A recent BBC article titled ‘The complicated battle over Unconscious Bias training’ hits the nail on the head for me. The whole debate over the validity of Unconsious Bias training is frustrating on many levels.
There is always a risk of thinking that training is a fix-all. As someone that has sourced, designed and delivered lots of training in organisations over many years I’m well aware that any training that is for awareness raising needs to be part of a larger campaign.
For a multi-faceted topic like ED&I, awareness raising should slot in under the umbrella of a robust policy and strategy, which is led from the top.
The whole point of training on ED&I is that it should be a ‘safe place’ to have difficult conversations. I’ve delivered dozens of sessions in my career on equality, diversity and inclusion. At different times they’ve been called different things. Most recently, Dignity at Work was a popular title. It’s all about not switching people off to the topic before they walk through the training room door by trying to find the common ground. This is the first hurdle you face as a trainer for any training that is ‘mandated’ by the organisation.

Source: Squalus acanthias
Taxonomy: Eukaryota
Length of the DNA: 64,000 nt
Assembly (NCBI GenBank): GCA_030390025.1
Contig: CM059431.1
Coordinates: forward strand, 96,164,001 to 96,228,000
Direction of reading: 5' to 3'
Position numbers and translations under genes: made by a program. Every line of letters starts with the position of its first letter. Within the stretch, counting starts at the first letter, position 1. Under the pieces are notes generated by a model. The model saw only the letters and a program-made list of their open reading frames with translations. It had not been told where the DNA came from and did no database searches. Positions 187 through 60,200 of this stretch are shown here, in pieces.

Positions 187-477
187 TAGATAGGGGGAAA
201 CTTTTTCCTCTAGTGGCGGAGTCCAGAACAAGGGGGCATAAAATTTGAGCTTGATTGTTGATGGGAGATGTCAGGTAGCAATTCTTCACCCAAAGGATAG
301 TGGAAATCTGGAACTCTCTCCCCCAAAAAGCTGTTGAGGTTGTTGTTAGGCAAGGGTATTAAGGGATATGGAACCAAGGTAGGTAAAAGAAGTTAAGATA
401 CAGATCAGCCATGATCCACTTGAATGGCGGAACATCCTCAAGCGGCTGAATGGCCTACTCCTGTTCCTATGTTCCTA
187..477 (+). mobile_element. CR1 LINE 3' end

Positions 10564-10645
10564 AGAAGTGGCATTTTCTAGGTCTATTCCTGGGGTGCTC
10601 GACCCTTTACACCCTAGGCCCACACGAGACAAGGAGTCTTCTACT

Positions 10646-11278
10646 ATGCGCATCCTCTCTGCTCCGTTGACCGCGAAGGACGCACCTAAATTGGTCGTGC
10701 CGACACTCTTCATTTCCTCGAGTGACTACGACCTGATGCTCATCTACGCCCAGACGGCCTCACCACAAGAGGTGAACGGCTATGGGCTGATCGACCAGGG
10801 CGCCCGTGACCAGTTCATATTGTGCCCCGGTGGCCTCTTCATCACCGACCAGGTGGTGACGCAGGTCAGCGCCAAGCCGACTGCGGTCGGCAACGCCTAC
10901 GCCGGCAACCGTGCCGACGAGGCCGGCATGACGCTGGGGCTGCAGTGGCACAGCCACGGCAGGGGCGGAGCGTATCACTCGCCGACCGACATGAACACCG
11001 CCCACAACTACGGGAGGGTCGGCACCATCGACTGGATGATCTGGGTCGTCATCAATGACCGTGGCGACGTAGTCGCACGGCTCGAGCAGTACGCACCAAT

I had felt that Unconscious Bias training – by taking a different vantage point on issues around ED&I, was helpful. It ensures that conversations in the training room, at times when sensitivities are heightened (think back to last year’s BLM protests and corresponding ‘backlash’ citing All Lives Matter) can be framed in a ‘safe’ way. At a time when rhetoric on social media can be divisive, going back to origins of why we behave in certain ways is a useful starting point.
No steps forward into understanding can be made until minds are opened, and for those ‘cancelling’ Unconscious Bias training they are missing an opportunity. Imagine if senior leaders all showed up and fully engaged in discussions. What a powerful example that would set.
For those organisations that state that following Unconscious Bias training ‘nothing has improved’ – I would ask, what did they expect? If leaders do not fundamentally get behind an agenda, then that itself ‘leaks’ into their organisations culture. It’s a question of alignment. Employees aren’t daft. They want to see an example to follow. A clear policy and strategy. Openness and transparency. ED&I issues can be complex. No-one organisation will get everything right first time. But having the right framework in place, and being open to learning, at all levels, is key.
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